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MG MGA - Crankcase vent pipe

The vent pipe from my front tappet cover is oriented upwards and forwards. Ihis takes it very close to the exhaust manifold, about 1/4". I don't have the tailpipe, I will fab it from copper, but should the stub from the cover not be angled to the rear? My block is Austin A60, not MGA so I am uncertain of the origin of the cover plate.
Art Pearse

Art,

Image is attached from the MGA 1600 factory Service Parts List.


Mick

M F Anderson

Art,

Would the front cover fit on the rear opening?
If so, is that any improvement?


Mick
M F Anderson

Art

If by forward and upward you mean one like this (see image), you have an MGB tappet cover. The MGB then had a rubber pipe attached to it.

Steve

Steve Gyles

The moss catalogue shows the MGB vent as Steve mentioned. Is this what you have? Or something else?

See Moss image attached, items 6 and 15.


Mick

M F Anderson

Mick, mine is not like yours, See pics. I thought about putting it on the rear, but it comes too close to the centre exhaust branch. I think I will have to move it to a vertical position. Steve, it is also not MGB type
Art Pearse

Here are the pics.


Art Pearse

Another

Art Pearse

I wanted to upload a 3rd pic but there is a glitsch somewhere!
Art Pearse

Art
It needs some text in the comment window otherwise the picture just won't appear.

Your tappet cover is standard. The so-called J pipe is close to the exhaust, but as it's rigid, the two never come into contact.

The J pipe should fix at the lower end to the front bolt of the blanking plate for the fuel pump (that's the pentagon shape underneath the tappet covers)
dominic clancy

Dominic,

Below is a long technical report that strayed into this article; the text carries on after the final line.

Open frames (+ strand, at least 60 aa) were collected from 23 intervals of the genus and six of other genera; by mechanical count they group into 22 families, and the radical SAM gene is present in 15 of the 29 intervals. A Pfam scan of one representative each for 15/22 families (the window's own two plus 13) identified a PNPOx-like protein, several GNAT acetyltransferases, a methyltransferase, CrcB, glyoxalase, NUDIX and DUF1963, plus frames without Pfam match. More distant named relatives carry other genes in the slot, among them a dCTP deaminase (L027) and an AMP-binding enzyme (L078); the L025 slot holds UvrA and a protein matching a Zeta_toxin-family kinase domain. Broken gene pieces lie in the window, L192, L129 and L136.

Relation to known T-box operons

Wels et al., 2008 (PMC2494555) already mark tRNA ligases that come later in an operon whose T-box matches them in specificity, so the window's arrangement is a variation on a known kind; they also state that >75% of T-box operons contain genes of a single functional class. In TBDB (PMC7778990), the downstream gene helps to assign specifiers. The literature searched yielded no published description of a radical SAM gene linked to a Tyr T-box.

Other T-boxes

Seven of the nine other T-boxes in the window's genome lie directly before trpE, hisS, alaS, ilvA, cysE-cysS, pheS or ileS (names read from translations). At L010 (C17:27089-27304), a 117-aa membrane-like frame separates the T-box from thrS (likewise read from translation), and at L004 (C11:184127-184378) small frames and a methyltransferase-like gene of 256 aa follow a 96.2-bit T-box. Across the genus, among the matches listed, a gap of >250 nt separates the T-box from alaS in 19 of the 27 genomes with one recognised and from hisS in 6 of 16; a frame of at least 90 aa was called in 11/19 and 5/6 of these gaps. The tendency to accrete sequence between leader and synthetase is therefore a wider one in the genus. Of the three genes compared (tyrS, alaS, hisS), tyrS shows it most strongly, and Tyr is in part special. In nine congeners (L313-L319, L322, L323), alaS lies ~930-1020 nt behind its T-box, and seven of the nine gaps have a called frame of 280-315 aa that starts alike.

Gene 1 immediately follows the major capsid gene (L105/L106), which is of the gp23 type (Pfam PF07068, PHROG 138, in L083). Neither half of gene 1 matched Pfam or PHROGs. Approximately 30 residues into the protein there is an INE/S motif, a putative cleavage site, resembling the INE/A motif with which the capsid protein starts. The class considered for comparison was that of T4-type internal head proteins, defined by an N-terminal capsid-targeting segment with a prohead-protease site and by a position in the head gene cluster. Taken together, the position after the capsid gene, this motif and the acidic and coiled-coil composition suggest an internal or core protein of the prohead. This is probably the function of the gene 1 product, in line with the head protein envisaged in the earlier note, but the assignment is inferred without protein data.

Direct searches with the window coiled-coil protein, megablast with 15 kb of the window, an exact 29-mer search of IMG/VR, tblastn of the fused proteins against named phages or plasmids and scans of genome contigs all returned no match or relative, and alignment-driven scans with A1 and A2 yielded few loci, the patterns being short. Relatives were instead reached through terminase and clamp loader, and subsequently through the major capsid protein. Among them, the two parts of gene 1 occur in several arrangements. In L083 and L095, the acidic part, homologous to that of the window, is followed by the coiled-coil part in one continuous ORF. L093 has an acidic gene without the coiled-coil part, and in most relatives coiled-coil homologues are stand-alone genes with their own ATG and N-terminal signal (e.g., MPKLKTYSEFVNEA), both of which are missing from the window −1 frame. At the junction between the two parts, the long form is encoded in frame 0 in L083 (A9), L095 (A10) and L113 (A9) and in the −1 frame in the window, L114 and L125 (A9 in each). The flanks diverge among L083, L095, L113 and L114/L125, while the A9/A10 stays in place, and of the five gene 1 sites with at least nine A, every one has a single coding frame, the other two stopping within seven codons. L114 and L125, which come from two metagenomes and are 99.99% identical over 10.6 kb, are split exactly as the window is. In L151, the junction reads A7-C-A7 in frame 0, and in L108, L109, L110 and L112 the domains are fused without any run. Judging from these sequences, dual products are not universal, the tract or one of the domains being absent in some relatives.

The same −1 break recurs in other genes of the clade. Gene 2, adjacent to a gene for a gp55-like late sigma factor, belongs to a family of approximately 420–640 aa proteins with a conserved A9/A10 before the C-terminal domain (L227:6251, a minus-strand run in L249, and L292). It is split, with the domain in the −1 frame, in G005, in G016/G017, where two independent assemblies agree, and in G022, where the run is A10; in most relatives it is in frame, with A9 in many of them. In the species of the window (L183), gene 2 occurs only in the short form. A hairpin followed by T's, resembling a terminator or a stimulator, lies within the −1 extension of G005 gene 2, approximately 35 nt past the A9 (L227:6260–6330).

The factory Service Parts List shows the pipe on the tappet cover sloping to the rear, not forward like Art's item. It also is supported at the rear bolt of the mechanical fuel pump blanking plate.
Photos in the Workshop Manual and many other books confirm this setup.
SPL image attached.


Mick

M F Anderson

Art,

Maybe in a million to one chance you have rear cover from a mga twin cam, upside down.

See image from Twin Cam SPL.

Then again maybe it is off an Austin A60 as is the rest of your engine.
Anybody got an Austin A60 to confirm?


Mick

M F Anderson

Wouldn't it be simpler to get hold of the right one? There must be thousands of them kicking around, I'm sure someone has got a spare.
Lindsay Sampford

You are probably right Lindsay. However it probably is an A60 plate, but it would be nice to solve the mystery. I posted it on the Farina board. Meanwhile I am going to attempt a rotation - try unsoldering first, if that doesn't work, cut and re-weld. If I screw up, as you say, plenty of others out there.
Art Pearse

Fixed the problem. Cut off the pipe with Dremel disc, leaving short stubs. Used a sleeve cut from a 1/2" copper tube elbow which fits exactly, and soldered it back, this time with the front plate rotated 180 so the vent pipe is at the rear of the plate, angled 45 to the front. Flex copper 1/2" does the rest. I'm OK as long as the tappet cover is cooler than 183 deg C!
Art Pearse

Nifty idea Art! I could see the copper elbow "waiting in the wings" in one of your pictures and was wondering how you were going to use it!